About the author:
KATE MORTON was born in South Australia and grew up in the mountains of south-east Queensland. She has degrees in dramatic art and English literature and lives now with her husband and three young sons in London and Australia. The Shifting Fog, published internationally as The House at Riverton, The Forgotten Garden, The Distant Hours, The Secret Keeper and The Lake House have all been number one bestsellers around the world.
The narrative for The Clockmaker’s Daughter has a number of timelines and a host of different character perspectives. How do you think this elevates or enhances the story?
For me, as a reader, there’s no better feeling than being immersed in the world of a story. It’s a love that I discovered in childhood, that I continued to seek into adulthood, and which ultimately led me to write for myself. I believe that fictional life should be as multi-faceted and layered as real life, and in The Clockmaker’s Daughter, a book that explores the passage of time in a single location, it seemed inevitable that the central story should be told by different voices. I love that we hear from so many characters who call Birchwood Manor home over the century, and whose lives intersect across time to reveal the answer to the mystery at the novel’s heart.
As a piece of historical fiction, how much research went into The Clockmaker’s Daughter?
A lot, but I consider research to be one of the best parts of being a writer. If pressed, I usually say that the Victorian period is my favourite historical setting, but it’s an almost impossible choice to make, which is why it was such a pleasure writing The Clockmaker’s Daughter, being able to bring characters to life in a number of different periods. Throughout the novel, Birchwood Manor serves as an 1860s’ artists’ retreat; a school for young ladies during the last years of the nineteenth century; a refuge for a returned World War One soldier; home to a family expelled from London in the Blitz; and, in the present day, a country house museum at which a young man is trying to solve a hundred-and-fifty-year-old mystery.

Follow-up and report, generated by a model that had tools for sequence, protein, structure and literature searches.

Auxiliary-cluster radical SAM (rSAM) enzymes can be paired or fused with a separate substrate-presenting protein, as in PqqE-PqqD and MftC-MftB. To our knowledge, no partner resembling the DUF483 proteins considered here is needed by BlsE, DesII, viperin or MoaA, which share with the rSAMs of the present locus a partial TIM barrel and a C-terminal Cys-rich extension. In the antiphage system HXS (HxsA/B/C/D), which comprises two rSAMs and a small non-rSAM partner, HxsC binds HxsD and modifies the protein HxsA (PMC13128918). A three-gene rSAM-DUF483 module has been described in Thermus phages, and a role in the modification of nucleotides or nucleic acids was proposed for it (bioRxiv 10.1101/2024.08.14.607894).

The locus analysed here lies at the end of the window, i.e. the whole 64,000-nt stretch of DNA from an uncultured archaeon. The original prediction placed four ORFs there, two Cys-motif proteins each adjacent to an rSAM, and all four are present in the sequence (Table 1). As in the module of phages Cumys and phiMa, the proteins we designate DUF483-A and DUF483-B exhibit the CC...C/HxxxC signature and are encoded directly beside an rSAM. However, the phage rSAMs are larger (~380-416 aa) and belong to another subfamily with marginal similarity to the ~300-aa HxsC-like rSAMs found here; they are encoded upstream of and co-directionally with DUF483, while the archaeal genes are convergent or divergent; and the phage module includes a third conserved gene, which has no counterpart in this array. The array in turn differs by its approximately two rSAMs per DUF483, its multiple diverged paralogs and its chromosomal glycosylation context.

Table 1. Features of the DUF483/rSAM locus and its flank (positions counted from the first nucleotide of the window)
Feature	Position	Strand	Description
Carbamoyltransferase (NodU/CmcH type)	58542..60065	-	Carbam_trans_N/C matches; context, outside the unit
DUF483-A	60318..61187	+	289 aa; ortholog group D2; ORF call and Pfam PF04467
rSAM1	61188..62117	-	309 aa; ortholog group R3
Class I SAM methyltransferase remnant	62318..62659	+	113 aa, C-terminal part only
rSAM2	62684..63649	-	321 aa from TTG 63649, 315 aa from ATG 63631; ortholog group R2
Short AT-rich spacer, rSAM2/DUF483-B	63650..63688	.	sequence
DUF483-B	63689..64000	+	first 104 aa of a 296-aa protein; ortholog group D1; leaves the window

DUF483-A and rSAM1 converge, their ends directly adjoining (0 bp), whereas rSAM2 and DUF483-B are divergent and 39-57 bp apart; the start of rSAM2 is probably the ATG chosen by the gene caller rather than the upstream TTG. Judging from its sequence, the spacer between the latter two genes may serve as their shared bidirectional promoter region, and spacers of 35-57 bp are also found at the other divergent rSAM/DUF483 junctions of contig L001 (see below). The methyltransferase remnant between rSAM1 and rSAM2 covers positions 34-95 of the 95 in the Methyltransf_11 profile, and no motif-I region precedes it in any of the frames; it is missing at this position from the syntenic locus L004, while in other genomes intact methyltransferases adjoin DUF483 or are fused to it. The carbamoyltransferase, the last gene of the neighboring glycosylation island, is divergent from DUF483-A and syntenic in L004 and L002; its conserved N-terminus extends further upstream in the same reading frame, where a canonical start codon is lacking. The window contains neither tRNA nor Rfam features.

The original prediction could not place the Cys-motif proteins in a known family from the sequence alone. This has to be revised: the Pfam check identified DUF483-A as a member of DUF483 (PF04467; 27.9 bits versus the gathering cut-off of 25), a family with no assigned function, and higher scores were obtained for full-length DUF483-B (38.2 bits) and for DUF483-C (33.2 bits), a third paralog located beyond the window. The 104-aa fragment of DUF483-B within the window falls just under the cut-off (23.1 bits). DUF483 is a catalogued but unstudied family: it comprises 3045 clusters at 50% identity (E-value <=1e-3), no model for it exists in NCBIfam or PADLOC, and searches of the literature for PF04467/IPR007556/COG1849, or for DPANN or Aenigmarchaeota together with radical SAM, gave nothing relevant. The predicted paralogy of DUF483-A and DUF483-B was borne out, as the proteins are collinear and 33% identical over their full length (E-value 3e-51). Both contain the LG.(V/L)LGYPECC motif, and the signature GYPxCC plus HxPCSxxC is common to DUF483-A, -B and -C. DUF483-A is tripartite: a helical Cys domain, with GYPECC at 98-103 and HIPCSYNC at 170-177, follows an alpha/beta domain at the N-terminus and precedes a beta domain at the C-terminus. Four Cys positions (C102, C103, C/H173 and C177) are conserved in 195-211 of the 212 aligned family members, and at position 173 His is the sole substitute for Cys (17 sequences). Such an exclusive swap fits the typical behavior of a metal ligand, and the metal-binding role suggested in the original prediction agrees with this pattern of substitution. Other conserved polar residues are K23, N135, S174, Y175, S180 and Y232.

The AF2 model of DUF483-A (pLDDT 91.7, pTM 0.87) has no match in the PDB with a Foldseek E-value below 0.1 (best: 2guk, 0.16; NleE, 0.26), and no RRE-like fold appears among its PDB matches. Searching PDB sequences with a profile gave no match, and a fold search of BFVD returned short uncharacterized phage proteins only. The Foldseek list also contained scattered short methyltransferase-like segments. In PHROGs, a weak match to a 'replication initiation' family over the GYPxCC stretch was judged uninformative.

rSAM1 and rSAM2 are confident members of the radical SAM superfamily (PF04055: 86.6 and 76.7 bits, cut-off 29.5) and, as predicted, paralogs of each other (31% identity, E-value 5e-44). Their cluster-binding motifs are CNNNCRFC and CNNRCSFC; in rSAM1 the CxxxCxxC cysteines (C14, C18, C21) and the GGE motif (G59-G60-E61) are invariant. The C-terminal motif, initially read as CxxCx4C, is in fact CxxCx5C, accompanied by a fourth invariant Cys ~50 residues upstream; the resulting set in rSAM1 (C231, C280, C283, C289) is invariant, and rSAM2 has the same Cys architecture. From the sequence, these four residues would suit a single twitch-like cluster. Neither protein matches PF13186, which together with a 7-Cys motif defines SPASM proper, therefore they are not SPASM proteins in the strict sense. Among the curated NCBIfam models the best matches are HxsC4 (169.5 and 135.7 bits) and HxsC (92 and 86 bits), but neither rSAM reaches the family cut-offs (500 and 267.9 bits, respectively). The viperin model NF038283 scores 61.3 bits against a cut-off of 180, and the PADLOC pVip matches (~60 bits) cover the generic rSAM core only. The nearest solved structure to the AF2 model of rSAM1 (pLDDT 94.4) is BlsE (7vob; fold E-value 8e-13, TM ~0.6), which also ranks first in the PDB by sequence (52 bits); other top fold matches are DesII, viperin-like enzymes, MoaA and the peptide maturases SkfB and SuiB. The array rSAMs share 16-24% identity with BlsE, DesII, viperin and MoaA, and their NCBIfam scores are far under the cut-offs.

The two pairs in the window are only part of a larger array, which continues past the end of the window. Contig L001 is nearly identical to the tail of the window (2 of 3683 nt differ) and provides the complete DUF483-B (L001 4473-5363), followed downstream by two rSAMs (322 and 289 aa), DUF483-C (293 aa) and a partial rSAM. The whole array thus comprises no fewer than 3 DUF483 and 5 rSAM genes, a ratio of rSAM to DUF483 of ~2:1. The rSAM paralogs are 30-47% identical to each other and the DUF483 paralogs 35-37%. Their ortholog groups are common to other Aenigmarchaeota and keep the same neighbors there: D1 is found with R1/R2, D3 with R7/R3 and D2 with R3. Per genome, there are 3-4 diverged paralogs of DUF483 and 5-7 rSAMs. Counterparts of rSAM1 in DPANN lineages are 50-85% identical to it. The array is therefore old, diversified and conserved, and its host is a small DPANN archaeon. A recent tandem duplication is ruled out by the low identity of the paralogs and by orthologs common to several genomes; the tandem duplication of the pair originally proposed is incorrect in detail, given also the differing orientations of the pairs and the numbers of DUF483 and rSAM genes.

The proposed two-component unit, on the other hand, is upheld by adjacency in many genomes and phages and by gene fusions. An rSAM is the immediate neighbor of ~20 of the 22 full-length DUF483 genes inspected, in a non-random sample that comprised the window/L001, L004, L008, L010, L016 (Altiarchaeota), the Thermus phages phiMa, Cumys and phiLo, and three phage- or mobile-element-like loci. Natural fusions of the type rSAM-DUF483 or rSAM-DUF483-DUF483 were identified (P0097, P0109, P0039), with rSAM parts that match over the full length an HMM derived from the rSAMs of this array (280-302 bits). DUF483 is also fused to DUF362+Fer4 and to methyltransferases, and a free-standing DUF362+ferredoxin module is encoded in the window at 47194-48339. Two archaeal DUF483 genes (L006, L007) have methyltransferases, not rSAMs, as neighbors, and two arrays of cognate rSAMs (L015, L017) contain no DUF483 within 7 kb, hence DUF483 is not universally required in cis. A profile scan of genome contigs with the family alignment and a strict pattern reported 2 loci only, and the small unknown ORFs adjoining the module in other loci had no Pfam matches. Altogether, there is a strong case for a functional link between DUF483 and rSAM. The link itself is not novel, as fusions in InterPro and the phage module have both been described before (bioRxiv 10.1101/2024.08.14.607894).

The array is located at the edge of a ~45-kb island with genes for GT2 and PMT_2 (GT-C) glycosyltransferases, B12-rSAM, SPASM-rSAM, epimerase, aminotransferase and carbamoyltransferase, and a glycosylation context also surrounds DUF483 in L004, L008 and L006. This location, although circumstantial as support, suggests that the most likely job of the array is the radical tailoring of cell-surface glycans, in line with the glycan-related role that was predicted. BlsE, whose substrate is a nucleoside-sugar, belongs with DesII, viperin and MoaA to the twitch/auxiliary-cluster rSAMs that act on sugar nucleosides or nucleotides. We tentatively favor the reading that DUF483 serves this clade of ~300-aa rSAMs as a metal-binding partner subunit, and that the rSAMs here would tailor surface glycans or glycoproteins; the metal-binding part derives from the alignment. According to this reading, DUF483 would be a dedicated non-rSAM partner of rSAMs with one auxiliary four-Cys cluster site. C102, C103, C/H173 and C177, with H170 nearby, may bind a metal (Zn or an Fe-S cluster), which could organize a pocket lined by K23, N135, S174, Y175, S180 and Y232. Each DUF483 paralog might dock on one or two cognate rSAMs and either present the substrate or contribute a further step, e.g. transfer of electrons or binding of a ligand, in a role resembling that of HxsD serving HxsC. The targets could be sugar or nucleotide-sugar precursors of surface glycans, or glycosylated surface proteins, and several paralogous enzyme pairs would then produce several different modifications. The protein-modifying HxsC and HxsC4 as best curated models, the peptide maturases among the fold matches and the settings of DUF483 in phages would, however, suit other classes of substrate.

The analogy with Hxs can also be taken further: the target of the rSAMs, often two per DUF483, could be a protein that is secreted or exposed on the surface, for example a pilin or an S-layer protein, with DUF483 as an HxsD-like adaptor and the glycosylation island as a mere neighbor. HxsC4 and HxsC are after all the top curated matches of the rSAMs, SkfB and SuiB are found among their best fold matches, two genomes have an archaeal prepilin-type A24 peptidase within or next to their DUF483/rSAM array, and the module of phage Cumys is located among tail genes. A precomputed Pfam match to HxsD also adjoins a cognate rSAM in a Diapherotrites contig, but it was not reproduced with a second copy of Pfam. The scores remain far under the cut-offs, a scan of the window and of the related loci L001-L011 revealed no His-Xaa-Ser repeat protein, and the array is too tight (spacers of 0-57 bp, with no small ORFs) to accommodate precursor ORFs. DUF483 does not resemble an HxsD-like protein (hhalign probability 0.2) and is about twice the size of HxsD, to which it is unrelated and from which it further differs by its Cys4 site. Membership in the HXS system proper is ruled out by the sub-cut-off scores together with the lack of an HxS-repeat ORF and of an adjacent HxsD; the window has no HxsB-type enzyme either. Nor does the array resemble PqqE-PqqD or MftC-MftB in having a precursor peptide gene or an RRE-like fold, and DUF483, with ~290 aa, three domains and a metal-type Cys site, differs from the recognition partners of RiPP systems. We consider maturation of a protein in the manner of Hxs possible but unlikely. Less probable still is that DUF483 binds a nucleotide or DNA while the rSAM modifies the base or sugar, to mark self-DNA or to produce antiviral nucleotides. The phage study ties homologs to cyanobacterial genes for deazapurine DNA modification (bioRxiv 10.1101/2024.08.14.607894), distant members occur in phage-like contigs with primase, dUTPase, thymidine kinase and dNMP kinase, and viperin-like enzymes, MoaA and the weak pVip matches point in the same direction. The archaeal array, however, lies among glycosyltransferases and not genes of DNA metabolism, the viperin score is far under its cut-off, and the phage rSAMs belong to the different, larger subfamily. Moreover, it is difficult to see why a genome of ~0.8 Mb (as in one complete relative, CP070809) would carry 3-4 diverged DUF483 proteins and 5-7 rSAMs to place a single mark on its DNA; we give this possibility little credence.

What inspired the idea behind The Clockmaker’s Daughter?
A book is thousands of ideas woven together, but in the beginning it only takes a few threads to form the kernel of the story. In the case of The Clockmaker’s Daughter, these included: a chance meeting with an archivist; a longstanding fascination with Victorian London; the discovery of certain unique aspects of Harvington Hall in Worcestershire; a lifelong love of art and photography; an abiding obsession with houses and their hidden stories; and my deep affection for the beautiful countryside along the banks of the Upper Thames.
The Clockmaker’s Daughter is an interesting fusion of historical and crime fiction, two very popular genres. Why do you think people enjoy reading historical and crime fiction?
I think people enjoy reading any genre that allows them to live inside the world of the book. My novels always contain an historical element, but what interests me more than history itself is the way the past and the present remain tethered. I grew up reading mystery stories after discovering The Famous Five when I was six years old, and one of the most enjoyable aspects of writing is the sense that I am playing a game with readers, concealing the answer to a central mystery in scenes that appear to be about something else entirely.
What are you currently reading?
At last count, there were over twenty books stacked beside my bed, four of them lying face down to hold their page, bookmarks in at least half of the others. I’m a very eclectic reader, shifting between fiction and non-fiction, and open to most genres. In my bag at the moment I’m carrying dog-eared copies of Penelope Lively’s Moon Tiger and Joan Didion’s The White Album, and my to-be-read pile grows daily and includes Tyrant by Stephen Greenblatt, Warlight by Michael Ondaatje, and Dinner at the Homesick Restaurant by Anne Tyler.